You game-console makers who still want to be in the hardware business, look out. You console makers who don't want to be in the hardware business (this might mean you, Microsoft), you can all breathe a sigh of relief: after a five-year effort, Nvidia is adding graphics virtualization to its latest "Kepler" line of GPUs. The …
It's nice when you read something that is new and has real world use benifits.
I also approve of any diagram that can be printed on the back of a fag packet (British slang and not some new networking thang). Though looking at the picture it does look like the GPU can talk to the harddisc without having to go via the CPU, which would be news in itself. But it is one of those diagrams that without the slides prior and labels on some of those number make it open to many interpritations perhaps.
Still GPU processing will have truely landed when some git releases antivirus software for it. I dread that day for many reasons.
But bottom line, this has much use and will be just lapped up by the cloud people out there, just hope the software that drives it is flexable and non limited in its application to problems. Though its a nice big step into a direction that is actualy needed at this end of the scale.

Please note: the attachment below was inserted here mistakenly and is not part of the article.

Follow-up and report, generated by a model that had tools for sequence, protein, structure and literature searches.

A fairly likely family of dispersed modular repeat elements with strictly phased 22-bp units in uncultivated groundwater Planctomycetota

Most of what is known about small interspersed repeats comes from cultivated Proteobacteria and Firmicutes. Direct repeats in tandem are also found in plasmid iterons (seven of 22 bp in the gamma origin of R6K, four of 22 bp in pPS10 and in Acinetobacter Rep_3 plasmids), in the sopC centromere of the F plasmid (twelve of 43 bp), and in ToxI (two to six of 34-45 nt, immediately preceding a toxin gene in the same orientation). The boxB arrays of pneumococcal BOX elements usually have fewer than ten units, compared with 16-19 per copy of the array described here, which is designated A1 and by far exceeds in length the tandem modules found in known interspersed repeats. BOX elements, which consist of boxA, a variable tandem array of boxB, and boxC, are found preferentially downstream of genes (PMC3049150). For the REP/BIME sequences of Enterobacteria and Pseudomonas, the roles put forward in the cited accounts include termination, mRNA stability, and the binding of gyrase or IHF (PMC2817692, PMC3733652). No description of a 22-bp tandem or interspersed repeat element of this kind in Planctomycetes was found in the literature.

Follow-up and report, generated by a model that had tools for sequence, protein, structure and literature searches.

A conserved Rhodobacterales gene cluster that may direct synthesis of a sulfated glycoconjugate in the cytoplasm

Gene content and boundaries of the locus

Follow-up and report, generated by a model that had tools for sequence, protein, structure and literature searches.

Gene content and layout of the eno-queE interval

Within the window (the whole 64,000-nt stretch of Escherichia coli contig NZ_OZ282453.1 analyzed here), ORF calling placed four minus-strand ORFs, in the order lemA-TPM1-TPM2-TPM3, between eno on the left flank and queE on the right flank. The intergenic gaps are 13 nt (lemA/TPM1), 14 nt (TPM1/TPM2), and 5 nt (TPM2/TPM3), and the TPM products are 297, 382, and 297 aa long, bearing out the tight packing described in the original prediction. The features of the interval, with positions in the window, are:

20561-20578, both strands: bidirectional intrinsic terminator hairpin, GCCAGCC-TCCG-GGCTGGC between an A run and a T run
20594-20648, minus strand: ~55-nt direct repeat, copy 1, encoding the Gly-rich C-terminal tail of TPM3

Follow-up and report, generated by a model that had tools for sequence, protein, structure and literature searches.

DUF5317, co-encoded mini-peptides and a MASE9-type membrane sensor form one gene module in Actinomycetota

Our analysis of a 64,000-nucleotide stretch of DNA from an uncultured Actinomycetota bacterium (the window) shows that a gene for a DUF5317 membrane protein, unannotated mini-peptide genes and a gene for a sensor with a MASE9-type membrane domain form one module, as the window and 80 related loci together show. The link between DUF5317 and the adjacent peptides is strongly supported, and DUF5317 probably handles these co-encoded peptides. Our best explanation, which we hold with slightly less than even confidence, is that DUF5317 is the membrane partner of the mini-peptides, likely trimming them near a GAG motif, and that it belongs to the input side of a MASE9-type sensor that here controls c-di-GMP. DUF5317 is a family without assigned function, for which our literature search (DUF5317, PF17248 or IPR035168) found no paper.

Don't see why a GPU couldn't directly get the result of a DMA transfer after the host CPU set it up? File Systems would pretty much be a CPU thing though.
I could see ISPs setting these up, or perhaps partnering with cloud gaming providers, to deal with distance-related latency by connecting their customers directly.
One way to reduce latency is regional and local data centres and with the very high computing demands of GPU applications (in for example games) they will need a few data centres per country. That will reduce latency (for *most* users, depending on how they connect). However users will need as much GPU power as 1 current generation GPU card per active user, so I don't see how companies will meet that level of demand.
For example, Diablo III is crippling servers as we speak and historically new big games very often hammer servers, so if the servers also had to serve real time graphics, they would need to be vastly more powerful servers ... It would be awesome to see that much computing power built into data centres, but I think we are at least a few years from that being practical. But this approach would also provide a vast resource of computing power for not just games, but also for research as well. :)
But that said, personally I still want my own GPU card and I can't see that ever changing, and for some applications it makes sense to have the GPU in the PC etc.. but for some games I can see some publishers trying to go down this route, but it wouldn't appeal to me for most applications.
No, it's not true that if you can stream Netflix then you can stream games. Netflix is unaffected by latency and very little affected by lost packets or jitter. Games are horribly affected by both. Those charts which show the Grid outperforming a home console assume 30ms latency, which I've rarely seen in real life. I for one never get better than 150ms, which is more than enough to put a home console way back on top.
Anyone with half a brain cell will be thinking 'huh'?